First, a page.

ADvanced Space Experiment Processor (ADSEP): On Saturday the crew removed Cell Culturing (CellCult) cassettes from ADSEP and inserted the samples into a Minus Eighty Degree Celsius Laboratory Freezer for ISS (MELFI). ADSEP is a thermally controlled facility that accommodates up to three cassette-based experiments that can be independently operated. A collection of experiment cassettes is used to accommodate experiments in cell technology, multiphase fluids, solution chemistry, separation science, microencapsulation, and crystal growth. For CellCult investigations, each cassette contains a rotating filtered bioreactor, a reservoir for fresh media, two peristaltic pumps, a waste reservoir, and up to 6 sample-collection or reagent containers connected by a manifold to the reactor. Cultures can be operated in continuous perfusion, batch fed, static, or sampling modes. The removal of samples and the addition of additives to the reactor volume can be programmed or teleoperated.

Multi-Omics-Mouse: On Tuesday the crew cleaned the mouse habitats, collected fecal samples and exchanged food cartridges. Today and tomorrow they will collect blood samples from the mice. Several studies have reported space flight effects on the human immune system, but the relationship between microbiota and immune dysfunction during flight remains unclear. In the Multi-Omics-Mouse investigation, food with and without fructooligosaccharides (FOS) will be used as prebiotics, to determine if they improve the gut environment and immune function. After the flight, researchers will analyze the gut environment (microbiota and metabolites) and immune system of the mice by multi-omics analysis.

Rodent Research 9 (RR-9): Tomorrow the crew will replace old food bars and clean the Animal Habitats to support the ongoing RR-9 investigation. RR-9 studies how microgravity affects the immune systems, muscles and bones of rodents during extended stays aboard the ISS. After approximately 30 days aboard the ISS, the mice will be returned to Earth where scientists on the ground will study how their time in space has affected various tissues, including brain, muscle, heart, joints, eyes and the immune system.

Lung Tissue: On Wednesday the crew collected samples and fixed media in Tissue Bags. They inserted the bags into a Minus Eighty Degree Celsius Laboratory Freezer for ISS (MELFI). The Lung Tissue investigation uses the microgravity environment of space to test strategies for growing new lung tissue. Using the latest bioengineering techniques, the Lung Tissue experiment cultures different types of lung cells in controlled conditions onboard the ISS. The cells are grown in a specialized framework that supplies them with critical growth factors so that scientists can observe how gravity affects growth and specialization as cells become new lung tissue.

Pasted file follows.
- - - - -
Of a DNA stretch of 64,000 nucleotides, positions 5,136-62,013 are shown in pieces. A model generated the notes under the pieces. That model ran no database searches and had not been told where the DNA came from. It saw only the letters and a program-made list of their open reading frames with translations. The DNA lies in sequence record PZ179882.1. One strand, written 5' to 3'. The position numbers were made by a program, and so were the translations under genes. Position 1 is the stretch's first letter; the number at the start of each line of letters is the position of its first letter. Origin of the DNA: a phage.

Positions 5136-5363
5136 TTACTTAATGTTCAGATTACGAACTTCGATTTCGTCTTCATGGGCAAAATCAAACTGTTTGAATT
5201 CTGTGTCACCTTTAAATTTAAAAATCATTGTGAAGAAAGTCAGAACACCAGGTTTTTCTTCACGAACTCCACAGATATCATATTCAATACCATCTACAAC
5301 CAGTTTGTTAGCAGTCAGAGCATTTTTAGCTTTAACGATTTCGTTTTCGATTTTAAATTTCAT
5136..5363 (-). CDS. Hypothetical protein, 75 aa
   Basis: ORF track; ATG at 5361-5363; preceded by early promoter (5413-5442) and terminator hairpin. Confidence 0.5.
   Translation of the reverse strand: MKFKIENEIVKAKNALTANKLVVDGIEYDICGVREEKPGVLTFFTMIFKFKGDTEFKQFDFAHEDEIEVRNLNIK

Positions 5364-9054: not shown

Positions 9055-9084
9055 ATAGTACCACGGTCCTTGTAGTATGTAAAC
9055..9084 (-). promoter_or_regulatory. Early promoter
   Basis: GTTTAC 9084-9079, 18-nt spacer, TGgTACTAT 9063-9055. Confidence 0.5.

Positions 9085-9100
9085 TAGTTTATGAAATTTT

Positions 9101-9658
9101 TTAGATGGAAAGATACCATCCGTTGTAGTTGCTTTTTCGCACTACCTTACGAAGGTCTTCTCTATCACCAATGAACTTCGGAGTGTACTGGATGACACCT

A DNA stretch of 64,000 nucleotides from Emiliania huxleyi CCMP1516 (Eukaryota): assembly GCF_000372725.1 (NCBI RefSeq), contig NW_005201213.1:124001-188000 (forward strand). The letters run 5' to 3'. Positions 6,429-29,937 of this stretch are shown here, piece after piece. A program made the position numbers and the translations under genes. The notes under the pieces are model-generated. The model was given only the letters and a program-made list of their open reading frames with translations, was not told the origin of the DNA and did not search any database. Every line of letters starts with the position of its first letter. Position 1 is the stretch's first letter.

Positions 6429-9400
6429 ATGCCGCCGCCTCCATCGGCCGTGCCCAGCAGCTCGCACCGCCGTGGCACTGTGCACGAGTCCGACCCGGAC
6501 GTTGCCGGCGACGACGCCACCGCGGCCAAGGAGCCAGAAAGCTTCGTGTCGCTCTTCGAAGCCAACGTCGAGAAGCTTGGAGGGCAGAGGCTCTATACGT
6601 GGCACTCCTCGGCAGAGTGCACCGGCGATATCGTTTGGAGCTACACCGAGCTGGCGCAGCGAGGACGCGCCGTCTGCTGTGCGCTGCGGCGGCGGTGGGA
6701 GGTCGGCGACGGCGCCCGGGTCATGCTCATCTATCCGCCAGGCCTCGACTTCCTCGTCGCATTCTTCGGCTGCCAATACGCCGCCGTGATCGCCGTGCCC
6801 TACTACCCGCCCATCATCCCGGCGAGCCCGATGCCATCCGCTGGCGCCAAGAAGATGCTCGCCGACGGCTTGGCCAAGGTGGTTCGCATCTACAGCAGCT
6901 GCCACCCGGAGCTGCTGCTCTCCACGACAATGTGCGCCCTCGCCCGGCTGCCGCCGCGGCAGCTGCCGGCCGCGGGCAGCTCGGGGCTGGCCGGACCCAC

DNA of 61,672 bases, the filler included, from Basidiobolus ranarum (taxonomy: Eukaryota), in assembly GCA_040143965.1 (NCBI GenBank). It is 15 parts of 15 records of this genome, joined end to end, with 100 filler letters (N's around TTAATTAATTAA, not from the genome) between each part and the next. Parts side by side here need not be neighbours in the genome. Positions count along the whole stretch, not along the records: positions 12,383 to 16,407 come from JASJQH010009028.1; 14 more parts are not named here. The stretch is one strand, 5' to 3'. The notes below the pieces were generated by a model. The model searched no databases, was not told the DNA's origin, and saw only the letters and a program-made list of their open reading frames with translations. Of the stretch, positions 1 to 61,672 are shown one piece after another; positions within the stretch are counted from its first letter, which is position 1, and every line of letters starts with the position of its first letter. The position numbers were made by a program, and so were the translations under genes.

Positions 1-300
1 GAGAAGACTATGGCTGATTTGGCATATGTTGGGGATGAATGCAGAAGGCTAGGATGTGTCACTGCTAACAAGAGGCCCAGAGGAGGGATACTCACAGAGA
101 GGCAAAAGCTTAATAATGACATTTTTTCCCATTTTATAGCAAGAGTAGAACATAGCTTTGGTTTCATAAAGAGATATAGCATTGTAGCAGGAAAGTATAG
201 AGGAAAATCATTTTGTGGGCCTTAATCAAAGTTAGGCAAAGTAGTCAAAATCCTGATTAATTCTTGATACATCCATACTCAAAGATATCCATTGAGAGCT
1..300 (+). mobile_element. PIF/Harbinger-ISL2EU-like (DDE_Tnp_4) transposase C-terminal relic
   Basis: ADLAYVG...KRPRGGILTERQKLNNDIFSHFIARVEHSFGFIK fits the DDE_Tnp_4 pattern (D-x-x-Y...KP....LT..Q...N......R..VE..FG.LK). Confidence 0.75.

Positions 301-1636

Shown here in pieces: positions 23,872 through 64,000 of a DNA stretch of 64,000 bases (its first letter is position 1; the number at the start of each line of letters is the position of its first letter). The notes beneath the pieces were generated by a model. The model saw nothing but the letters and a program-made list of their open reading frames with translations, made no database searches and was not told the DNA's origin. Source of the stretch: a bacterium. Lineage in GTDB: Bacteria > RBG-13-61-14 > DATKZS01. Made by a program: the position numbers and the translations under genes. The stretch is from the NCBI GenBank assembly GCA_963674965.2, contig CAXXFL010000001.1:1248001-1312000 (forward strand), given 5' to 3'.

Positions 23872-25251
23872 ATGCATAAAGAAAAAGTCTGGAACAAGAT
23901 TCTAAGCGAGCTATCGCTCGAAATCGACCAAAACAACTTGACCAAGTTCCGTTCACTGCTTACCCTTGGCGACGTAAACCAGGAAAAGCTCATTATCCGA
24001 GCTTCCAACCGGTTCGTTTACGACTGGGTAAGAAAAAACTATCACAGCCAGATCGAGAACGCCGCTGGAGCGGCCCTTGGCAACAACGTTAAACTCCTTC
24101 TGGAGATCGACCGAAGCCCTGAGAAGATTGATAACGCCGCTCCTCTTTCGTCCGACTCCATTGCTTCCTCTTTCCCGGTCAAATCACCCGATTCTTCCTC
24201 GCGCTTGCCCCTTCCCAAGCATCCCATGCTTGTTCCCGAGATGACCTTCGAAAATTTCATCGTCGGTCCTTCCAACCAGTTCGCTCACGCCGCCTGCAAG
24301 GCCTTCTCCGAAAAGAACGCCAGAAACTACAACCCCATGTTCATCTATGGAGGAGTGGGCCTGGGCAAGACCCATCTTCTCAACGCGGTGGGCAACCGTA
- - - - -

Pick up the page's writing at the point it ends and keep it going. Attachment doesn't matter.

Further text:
Microbial Tracking-2 (MT-2): On Sunday and Tuesday the crew collected saliva samples for the Microbial Tracking-2 investigation and placed them inside a MELFI. After the samples are returned to Earth, a molecular analysis of the RNA and DNA will be conducted to identify the specific microbes that are present on ISS. MT-2 monitors the different types of microbes on ISS over a 1-year period and how they change over time.

Lighting Effects: Over the last week the crew has provided multiple sleep log entries for the Lighting Effects investigation. On Monday the crewmember transferred the Visual Performance Test hardware to their crew quarters, set the light to the correct mode, turned all other light sources in the crew quarters off, and performed a Numerical Verification Test and a Color Discrimination Test. On Tuesday the crew took meter readings in the Columbus module. Today two crewmembers completed a battery of cognitive tests on a laptop. The Lighting Effects investigation studies the impact of the change from fluorescent light bulbs to solid-state light-emitting diodes (LEDs) with adjustable intensity and color and aims to determine if the new lights can improve crew circadian rhythms, sleep, and cognitive performance.

Aquapad: Today the crew removed two Aquapad holders from an incubation bag and took pictures using the Everywear application for ground analysis. The water that astronauts drink on the ISS is primarily from the recycling of water from the crew’s sweat, urine, and other reclaimed wastewater sources. Recycling reduces the number of supply missions needed and supports development of self-sufficient spacecraft for future missions beyond earth orbit. Using a device that consists of a simple absorbent cotton injected with water and the laptop application, Aquapad aims to improve the speed and efficiency of water potability tests on board the ISS.